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University Senate Minutes - March 10, 1997

The University Senate met in regular session at 3:00 p.m., Monday, March 10, 1997 in Room 115 of the Nursing Health Sciences Building.

Professr Janice Schach, Chairperson of the Senate Council, presided.

Members absent were: Debra Aaron, David Adams*, Gary Anglin, Vasant Bhapkar, Patricia Birchfield, Ben Bogia, Maria Boosalis*, Darla Botkin, Joseph Burch, Lauretta Byars, Johnny Cailleteau, Joan Callahan*, Brad Canon*, Ben Carr, Edward Carter, Jordan Cohen*, Scott Coovert, Raymond Cox*, Frederick DeBeer*, Philip DeSimone*, Lori Eaton, Richard Edwards, Anthony English*, Robert Farquhar, Juanita Fleming*, William Freehling, Andrew Fried*, Richard Furst, Christine Havice, James Holsinger, Robert Houtz, Clifford Hynniman*, Betty Huff*, Monica Kern*, James Knoblett, Craig Koontz, Gretchen LaGodna, Thomas Lester, C. Oran Little, Daniel Mason, Douglas Michael*, Jenny Miller, Karen Mingst*, David Mohney, Roy Moore*, Donald Mullineaux*, Santos Murty, David Nash, Phyllis Nash*, Wolfgang Natter, Anthony Newberry, Thomas Nieman, Melanie Shay Onkst, Rhoda-Gale Pollack*, Thomas Robinson, Michael Rohmiller, Rosetta Sandidge*, Horst Schach, David Shipley, David Stockham, Retia Walker, Charles Wethington*, Adam Wilhelm, Carolyn Williams*, Eugene Williams, Lionell Williamson, Paul Willis, Emery Wilson, Phyllis Wise, William Witt, Craig Wood.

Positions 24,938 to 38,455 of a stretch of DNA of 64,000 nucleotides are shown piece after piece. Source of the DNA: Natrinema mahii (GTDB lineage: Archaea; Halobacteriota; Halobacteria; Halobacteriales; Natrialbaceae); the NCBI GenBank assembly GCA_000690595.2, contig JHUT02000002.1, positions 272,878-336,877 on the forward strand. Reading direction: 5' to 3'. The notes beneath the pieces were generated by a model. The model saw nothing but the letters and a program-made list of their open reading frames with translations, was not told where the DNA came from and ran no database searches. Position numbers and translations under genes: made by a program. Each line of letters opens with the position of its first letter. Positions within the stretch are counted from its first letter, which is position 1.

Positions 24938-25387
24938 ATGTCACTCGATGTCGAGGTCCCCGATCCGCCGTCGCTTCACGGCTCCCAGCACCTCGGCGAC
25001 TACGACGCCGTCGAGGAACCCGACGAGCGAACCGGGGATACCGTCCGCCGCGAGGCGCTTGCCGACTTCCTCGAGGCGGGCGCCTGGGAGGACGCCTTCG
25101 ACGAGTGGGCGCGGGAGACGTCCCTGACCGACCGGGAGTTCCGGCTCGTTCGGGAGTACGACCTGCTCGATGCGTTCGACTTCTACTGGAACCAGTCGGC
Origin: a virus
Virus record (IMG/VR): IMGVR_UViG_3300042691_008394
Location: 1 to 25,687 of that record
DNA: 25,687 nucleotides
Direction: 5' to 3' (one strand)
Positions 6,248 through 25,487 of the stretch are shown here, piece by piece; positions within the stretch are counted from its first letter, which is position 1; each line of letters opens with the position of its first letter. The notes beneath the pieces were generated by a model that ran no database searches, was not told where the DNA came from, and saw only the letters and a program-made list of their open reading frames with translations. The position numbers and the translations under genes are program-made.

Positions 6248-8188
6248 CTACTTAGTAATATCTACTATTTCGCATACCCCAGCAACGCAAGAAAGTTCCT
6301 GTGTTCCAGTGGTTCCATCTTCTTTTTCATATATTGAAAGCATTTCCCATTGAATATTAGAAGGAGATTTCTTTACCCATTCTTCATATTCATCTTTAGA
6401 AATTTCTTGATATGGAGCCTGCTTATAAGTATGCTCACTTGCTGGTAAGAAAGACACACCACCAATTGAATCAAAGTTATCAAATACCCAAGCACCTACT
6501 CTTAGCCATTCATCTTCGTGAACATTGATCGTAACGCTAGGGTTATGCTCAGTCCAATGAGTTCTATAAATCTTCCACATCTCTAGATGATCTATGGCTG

* Absence Explained

Chairperson Schach made the following announcements:

There will be a special Senate Meeting on April 28, 1997 at 3:00 p.m. in Room 201 of the Nursing Health Sciences Learning Center. This meeting will be to discuss the recommendations coming from the Senate Council Task Force on Promotion and Tenure. The two subcommittees on Process and Criteria are finishing their recommendations and it would be appropriate for the Senate to review those prior to that meeting and to hold discussion on them.

The regularly scheduled meeting will be held on April 14, 1997. It is intended at this time for that meeting to be devoted to a discussion of where the plus/minus issue is headed. There will be some proposals for action to be taken at that time.

On February 14, 1997, I with a group of selected faculty, administrative individuals, and Board Members attended a meeting with Governor Patton at Maxwell Place. There was a really goodexchange of ideas regarding the future of higher education. TheUniversity was well presented in it's interest in developing itself as a premier research institution.